Criminal Defense

What Are the Types of False Confessions?

April 15, 2022 by Sarah Edwards in Criminal Defense  
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What Are the Types of False Confessions?

Anyone who has been interrogated by the police understands how stressful it can be. Television detectives will lie and coerce suspects to get the desired response. Real-life interrogations aren’t all that different.

In fact, in many conversations with police detectives, it seems the point of interrogation is not to find the truth but rather to secure a conviction.

What Is a False Confession?

A false confession is a statement given by a person claiming guilt for a crime they didn’t commit. Sociologists who study why false confessions occur have identified three general categories of confessions that are often used to convict innocent people of a crime.

1. Voluntary Confessions

Voluntary confessions are interesting because the person making the statement knows it’s untrue. People who voluntarily confess do so without any police coercion. Instead, the reasons for voluntary false confessions include:

  • Feelings of delusion
  • Intense guilt over another issue
  • A desire for notoriety

These kinds of confessions make for bizarre stories. But the more egregious sorts of false confessions are those in which the confessor does so under duress.

2. Coerced-Compliant Confessions

During an interrogation, police rely heavily on tactics that employ psychological pressures. In the U.S., police are allowed to lie to suspects during interrogation. This means the police can use extreme stress to coerce confessions from an innocent suspect.

Coerced-compliant confessions are the most common kind of false confession. People who give them often do so thinking they will benefit somehow from appearing cooperative.

Often detectives can persuade a person that the police are convinced of their guilt and that denying the crime would be a waste of time. They also convince the suspect it’s in their best interests to simply confess so the case can ‘go away’. That’s a trick, they’re lying to you.

Among the most effective suggestions given to a suspect during interrogation is the implication that they will be treated more leniently if they confess. Although promises or threats are not legal, the mere implication has powerful results on a scared suspect.

3. Coerced-Internalized Confessions

These confessions are given when interrogation tactics employed by the police convince a suspect to doubt their own memory. There are instances on record where people have become convinced that they likely committed the crime, even though they have no memory of it.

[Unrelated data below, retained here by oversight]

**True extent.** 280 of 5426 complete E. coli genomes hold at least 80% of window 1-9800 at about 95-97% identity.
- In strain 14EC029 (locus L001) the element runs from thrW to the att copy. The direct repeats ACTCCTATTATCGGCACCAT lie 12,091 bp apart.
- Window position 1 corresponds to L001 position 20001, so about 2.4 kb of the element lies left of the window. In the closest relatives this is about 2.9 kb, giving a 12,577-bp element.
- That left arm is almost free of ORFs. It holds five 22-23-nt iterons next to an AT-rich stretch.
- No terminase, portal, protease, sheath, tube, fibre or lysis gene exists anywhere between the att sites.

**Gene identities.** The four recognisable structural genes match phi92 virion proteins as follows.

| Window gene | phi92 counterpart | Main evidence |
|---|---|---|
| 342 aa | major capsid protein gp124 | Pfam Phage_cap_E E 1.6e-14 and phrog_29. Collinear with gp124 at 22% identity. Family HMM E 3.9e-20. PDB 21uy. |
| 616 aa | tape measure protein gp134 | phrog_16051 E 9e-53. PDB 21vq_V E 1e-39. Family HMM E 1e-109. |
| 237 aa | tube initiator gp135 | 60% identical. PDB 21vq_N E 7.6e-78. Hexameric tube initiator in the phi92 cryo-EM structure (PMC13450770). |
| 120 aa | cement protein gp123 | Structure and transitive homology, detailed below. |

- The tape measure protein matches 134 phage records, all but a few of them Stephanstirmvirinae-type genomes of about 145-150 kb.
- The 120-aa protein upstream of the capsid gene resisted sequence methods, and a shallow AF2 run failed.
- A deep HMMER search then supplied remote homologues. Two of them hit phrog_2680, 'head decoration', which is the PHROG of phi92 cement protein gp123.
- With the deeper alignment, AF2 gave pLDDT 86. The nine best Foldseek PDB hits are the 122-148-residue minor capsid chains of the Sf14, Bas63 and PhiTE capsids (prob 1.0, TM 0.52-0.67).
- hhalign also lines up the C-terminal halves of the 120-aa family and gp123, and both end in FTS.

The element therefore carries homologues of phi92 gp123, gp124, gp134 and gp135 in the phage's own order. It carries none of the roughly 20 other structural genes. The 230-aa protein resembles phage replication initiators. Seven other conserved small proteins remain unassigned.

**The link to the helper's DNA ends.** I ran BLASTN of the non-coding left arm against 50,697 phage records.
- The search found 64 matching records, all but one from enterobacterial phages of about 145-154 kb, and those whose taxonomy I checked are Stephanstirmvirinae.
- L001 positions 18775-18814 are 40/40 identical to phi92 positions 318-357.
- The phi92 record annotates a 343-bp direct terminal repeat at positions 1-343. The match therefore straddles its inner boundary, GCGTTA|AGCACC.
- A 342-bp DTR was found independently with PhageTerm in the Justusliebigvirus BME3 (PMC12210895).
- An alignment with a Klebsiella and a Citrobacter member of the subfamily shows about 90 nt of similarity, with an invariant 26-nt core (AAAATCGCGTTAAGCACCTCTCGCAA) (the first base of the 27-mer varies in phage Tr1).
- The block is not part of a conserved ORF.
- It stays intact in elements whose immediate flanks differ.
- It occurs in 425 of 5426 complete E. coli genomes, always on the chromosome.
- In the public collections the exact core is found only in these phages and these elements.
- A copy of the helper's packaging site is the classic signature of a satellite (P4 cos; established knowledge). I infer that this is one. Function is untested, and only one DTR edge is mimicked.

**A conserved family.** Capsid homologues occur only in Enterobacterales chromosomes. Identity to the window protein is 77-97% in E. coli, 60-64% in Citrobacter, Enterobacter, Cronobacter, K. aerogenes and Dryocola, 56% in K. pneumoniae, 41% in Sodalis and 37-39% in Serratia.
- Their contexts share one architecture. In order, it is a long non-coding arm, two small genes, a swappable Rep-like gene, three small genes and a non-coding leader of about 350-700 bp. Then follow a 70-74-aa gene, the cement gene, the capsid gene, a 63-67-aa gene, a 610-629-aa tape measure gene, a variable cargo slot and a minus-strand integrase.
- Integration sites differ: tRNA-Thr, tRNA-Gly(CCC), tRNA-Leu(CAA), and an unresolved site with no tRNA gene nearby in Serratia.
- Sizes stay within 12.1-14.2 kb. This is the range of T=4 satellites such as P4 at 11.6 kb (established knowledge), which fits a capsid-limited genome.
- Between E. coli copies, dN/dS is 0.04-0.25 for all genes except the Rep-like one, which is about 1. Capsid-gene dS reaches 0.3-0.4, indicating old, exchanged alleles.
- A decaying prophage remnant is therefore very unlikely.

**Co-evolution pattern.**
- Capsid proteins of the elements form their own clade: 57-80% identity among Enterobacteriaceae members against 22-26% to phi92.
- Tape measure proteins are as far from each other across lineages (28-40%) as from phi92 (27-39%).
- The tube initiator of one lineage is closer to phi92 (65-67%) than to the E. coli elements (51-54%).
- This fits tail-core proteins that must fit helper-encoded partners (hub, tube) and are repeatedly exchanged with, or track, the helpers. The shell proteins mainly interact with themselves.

Police use deceptive psychological interrogation methods to convince a suspect to doubt their innocence. They can then supply them with explanations of how they did, in fact, commit the crime—without any memory of doing so. Examples of these sorts of explanations by police include suggesting the suspect:

  • Had an alcohol or drug-related blackout
  • Experienced a “dry” blackout
  • Had a momentary lapse in consciousness
  • Is suffering from post-traumatic stress disorder (PTSD)
  • Has repressed the memory because it is too traumatic

A suspect can be persuaded to confess if they find one of these explanations sensible. Once a suspect has become convinced of the need to confess, then the police must aid the confessor in constructing a story about how they committed the crime they have no memory of perpetrating.

Results of a False Confession

Confessions are often the most compelling pieces of evidence that a state produces against someone accused of a crime. Even though false confessions are false evidence, they still have the same prejudicial effect against a suspect as a true confession has.

When a person purportedly has confessed, the presumption of innocence disappears.

The consequences of a false confession are powerful. Oftentimes, police interrogators believe that any confession is somehow true, so anyone who confesses must be guilty.

Prosecutors often doubt the validity of the claim that confessions can result from police coercion—even though there is ample research showing that it happens.

It is difficult to overstate the defense-shattering consequences of a false confession. As the case against a false confessor moves through the criminal justice system, the power of the confession grows, and its effect becomes more difficult to undo.

How Common Are False Confessions?

According to research by the Innocence Project, nearly 27% of convicted criminals who are later exonerated were originally convicted based on a coerced confession.

Coerced confessions are most often used in murder cases, although these false confessions can occur relative to any criminal charge. Interestingly, most police officers do not believe that false confessions happen.

A Defense Attorney Can Offer Help

If you feel trapped because someone coerced you into giving a false confession to the police, a skilled criminal defense attorney could seek to have that confession excluded from the evidence. They can do so by revealing facts that show that your confession was not voluntary.

The expert criminal defense lawyers at Esfandi Law Group can help you understand this difficult situation and get you the justice you deserve. Call us today to find out whether we can help you.

Need a Criminal Defense Attorney? CALL NOW: 310-274-6529

Seppi Esfandi is an Expert Criminal Defense Attorney who has over 20 years of practice defending a variety of criminal cases.

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